HM Treasury publishes consultation paper on the Fourth Anti-Money Laundering Directive

Written on 20 Oct 2016

HM Treasury has published its consultation paper on the transposition of the Fourth Money Laundering Directive (4MLD). 4MLD entered into force on 25 June 2015 and it will repeal and replace the Third Money Laundering Directive (3MLD). All EU Member States have two years to transpose the requirements of 4MLD into national law (although the European Commission has published an amendment proposal which, if approved, would bring forward the transposition date to 1 January 2017).

Background to the 4MLD and key changes from the 3MLD

4MLD aims to further strengthen the integrity, stability and reputation of the financial sector as well as the EU’s defences against money laundering, terrorist financing and organised crime.  It also ensures that the EU system remains aligned to the Financial Action Task Force’s (FATF) anti-money
laundering and counter-terrorist financing standards (which are the internationally recognised standards and which were adopted by the FATF in February 2012).

Some of the key changes from the 3MLD:

  • E-money limits: Member States may (by derogation) dissapply the customer due diligence obligations in respect of low value e-money products that fall below certain value limits. These limits have been significantly reduced from those in 3MLD.
  • Enhanced due diligence (EDD): 4MLD specifies certain high-risk situations (for example where customers are based in high risk third countries) where EDD must be applied. However, in relation to other high risk factors, 4MLD adopts a less prescriptive, risk-based approach that puts the onus for determining the appropriate level of due diligence on the obliged entity.
  • Simplified due diligence (SDD): 4MLD does not specify particular product or customer categories that are automatically eligible for SDD.  As with EDD, decisions on when and how to carry out SDD are to be made by the obliged entity, and must be based on the level of risk presented.
  • Beneficial ownership and ownership directories: whilst the threshold for beneficial ownership will stay the same (i.e. those controlling more than 25 per cent of a business), companies will have to maintain records evidencing beneficial ownership. Member States will be required to ensure that such information is stored in a central database which is available to competent authorities and financial intelligence units.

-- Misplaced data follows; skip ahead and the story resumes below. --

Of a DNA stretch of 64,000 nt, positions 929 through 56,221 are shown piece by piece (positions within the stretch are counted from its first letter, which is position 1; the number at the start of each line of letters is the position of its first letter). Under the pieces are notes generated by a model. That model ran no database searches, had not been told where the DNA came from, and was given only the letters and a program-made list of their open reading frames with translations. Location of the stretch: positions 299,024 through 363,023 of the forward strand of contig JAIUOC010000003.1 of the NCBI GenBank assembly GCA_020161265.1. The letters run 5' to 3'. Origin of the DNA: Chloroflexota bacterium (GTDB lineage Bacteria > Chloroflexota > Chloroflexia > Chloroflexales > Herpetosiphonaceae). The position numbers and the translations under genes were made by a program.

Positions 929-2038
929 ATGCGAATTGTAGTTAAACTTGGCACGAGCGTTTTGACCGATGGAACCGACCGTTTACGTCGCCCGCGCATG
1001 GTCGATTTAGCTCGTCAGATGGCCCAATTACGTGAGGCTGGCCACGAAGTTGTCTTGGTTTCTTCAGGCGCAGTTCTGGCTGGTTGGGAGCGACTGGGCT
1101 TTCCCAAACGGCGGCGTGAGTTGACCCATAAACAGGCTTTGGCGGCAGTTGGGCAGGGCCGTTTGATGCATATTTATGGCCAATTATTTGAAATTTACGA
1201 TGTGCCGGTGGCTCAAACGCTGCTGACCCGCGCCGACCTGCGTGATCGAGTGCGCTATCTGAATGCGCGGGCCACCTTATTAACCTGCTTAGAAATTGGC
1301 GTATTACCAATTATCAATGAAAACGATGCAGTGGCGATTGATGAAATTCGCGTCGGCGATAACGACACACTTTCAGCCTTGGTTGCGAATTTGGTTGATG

• Politically Exposed Persons (PEPs): 4MLD broadens the scope of requirements in relation to PEPs so that there is no longer any distinction between a domestic and foreign PEP. Entities will be required to apply EDD measures to a wider scope of PEPs, as well as to family members and persons known to be close associates of PEPs.

Amendment to 4MLD following recent events

Following the series of recent terrorist attacks in the EU and the leak of the ‘Panama Papers’, Member States agreed to revisit some areas of 4MLD to strengthen the fight against organised crime, corruption and anti-money laundering. The European Commission adopted a proposal in July 2016 to amend the current framework of 4MLD (which includes further tackling the use of prepaid instruments and improving access to beneficial ownership information).

The key amendment measure, however, is the proposed early transposition date of 4MLD. This would require Member States to transpose both 4MLD and the amendments into national law by 1 January 2017. In its European Memorandum (dated 5 September 2016), HM Treasury stated that a large number of Member States had expressed concerns at the timetable and that it may be liable to change. Given that the amendments are still at a proposal stage, this seems reasonably likely.

The consultation

The consultation invites views and evidence to inform government transposition of the 4MLD and the Fund Transfer Regulation (Regulation (EU) 2015/847, on a total of 87 questions across the various topics covered by the legislation. The consultation addresses 4MLD as originally adopted and
mentions, but does not specifically ask any questions in relation to the amendment proposal (although views are welcomed ‘where relevant’), instead assuming that compliance must begin on the original 4MLD deadline date of 26 June 2017.

The government is keen to ensure that a fair and proportionate approach is adopted. The consultation will play a key role in deciding the best way to transpose 4MLD into UK law in a way that appropriately balances the need for businesses to actively discourage money laundering and terrorist financing whilst considering the potential costs of the proposals for those affected.

The consultation confirms that the government intends to create Money Laundering and Transfer of Funds (Information on the Payer) Regulations 2017 in order to transpose 4MLD and the new Fund Transfer Regulation into UK law (the latter accompanies 4MLD and will come into force alongside 4MLD in all Member States). The proposed 2017 Regulations will revoke the Money Laundering Regulations 2007 and the Transfer of Funds Regulation 2007.

The consultation closes on 10 November 2016 and can be found here.